What does an Office Manager do?
Office managers coordinate and oversee administrative duties in an office, and ensure that the office operates efficiently and smoothly. Their responsibilities generally include duties like greeting visitors, managing office supplies, overseeing other administrative staff, owning budgets, and supporting staff with administrative tasks like scheduling meetings.
Office managers typically have a Bachelor's degree in business administration, communications, or in a related field. However, for some office manager positions a high school diploma is sufficient. Office managers need to be highly organized and self-motivated, and they typically have excellent attention to detail.
- Oversee and support all administrative duties in the office and ensure that office is operating smoothly
- Manage office supplies inventory and place orders as necessary
- Perform receptionist duties: greet visitors, and answer and direct phone calls
- Receive and sort incoming mail and deliveries, and manage outgoing mail
- Develop office policies and procedures, and ensure they are implemented appropriately
- Assist with office layout planning and office moves, and with managing and maintaining IT infrastructure
- Manage office budget
- Identify opportunities for process and office management improvements, and design and implement new systems
- Provide other administrative support as necessary, including scheduling group meetings, maintaining calendars, doing research, and creating reports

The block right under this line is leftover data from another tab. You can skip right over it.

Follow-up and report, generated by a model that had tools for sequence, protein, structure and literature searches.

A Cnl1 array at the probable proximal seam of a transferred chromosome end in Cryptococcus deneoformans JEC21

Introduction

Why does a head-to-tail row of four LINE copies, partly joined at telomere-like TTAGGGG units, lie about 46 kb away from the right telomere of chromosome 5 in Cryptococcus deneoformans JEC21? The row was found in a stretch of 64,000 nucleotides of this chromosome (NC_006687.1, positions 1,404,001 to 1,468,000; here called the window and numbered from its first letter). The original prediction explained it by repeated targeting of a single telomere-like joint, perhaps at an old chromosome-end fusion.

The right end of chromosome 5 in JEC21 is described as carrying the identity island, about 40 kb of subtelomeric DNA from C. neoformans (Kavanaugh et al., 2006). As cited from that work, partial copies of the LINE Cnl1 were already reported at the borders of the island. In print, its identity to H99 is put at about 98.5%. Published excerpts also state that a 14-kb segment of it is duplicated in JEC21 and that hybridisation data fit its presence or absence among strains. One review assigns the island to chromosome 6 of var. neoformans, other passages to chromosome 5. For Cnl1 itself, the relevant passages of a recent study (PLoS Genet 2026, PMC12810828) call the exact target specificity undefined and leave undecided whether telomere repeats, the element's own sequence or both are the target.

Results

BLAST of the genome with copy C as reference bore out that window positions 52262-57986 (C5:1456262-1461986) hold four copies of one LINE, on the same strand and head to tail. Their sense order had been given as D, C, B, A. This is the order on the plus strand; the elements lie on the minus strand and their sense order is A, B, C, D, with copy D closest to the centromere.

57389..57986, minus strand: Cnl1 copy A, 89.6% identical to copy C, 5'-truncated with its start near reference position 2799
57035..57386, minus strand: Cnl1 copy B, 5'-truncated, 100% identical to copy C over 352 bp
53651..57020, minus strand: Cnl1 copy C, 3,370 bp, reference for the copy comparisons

- Bachelor's degree in business administration, communications, or a related field
- 2-5 years of work experience in an administrative/office management role
- Must have exceptional attention to detail
- Strong organizational and time management skills, and ability to priotitize
- Must be a self-starter and driven
- Excellent communication and interpersonal skills
- Strong problem-solving skills and analytical abilities
- Must be proficient with Microsoft Office and Google products
Office Manager Salaries
Average Base Pay
Office Manager Career Path
Learn how to become an Office Manager, what skills and education you need to succeed, and what level of pay to expect at each step on your career path.
Years of Experience Distribution
Office Manager Insights
“The actual job was easy and I got to get to know some really great people!”
“Working for my particular boss and franchise is great but the franchise as a whole is ridiculous.”
“This job is truly amazing and you will enjoy it as much as we all do”
“Not many… I think the salary was a little low considering the work and size of the property”
“Pay was good but not worth the presence of the horrible people I worked with.”
“Front office management was the worst I've seen in my 11 year hospitality career.”
“I highly recommend working for Signify Research and can see great things in the businesses future.”
“I met a great group of girls who I now call friends and keep in touch with everyday.”
Office Manager Interviews
Frequently asked questions about the role and responsibilities of office managers
The typical day of an office manager centers around supervising how an office is run, including keeping staff and communications organized. This involves overseeing administrative duties and employees, ordering office supplies, managing scheduling, and doing HR tasks like recruiting and hiring.
Managing an office is a good career for organized self-starters, as implementing processes to help an office run smoothly can offer great satisfaction. An advantage of working as an office manager is that they typically work regular weekday hours as well, which offers opportunity for a good work life balance.
In the U.S., the average pay for an office manager is $4,050 per year, with salaries ranging from $2,490 per year to $6,910 per year. Experience is one way to move up the pay ladder, as is aiming for senior or executive positions.
Office managers need to interact with many employees and branches of a business. A difficult aspect of being an office manager is that they're often the first to get to work and the last to leave. The job can be stressful, especially when the office is undergoing any type of reorganization or experiencing high turnover.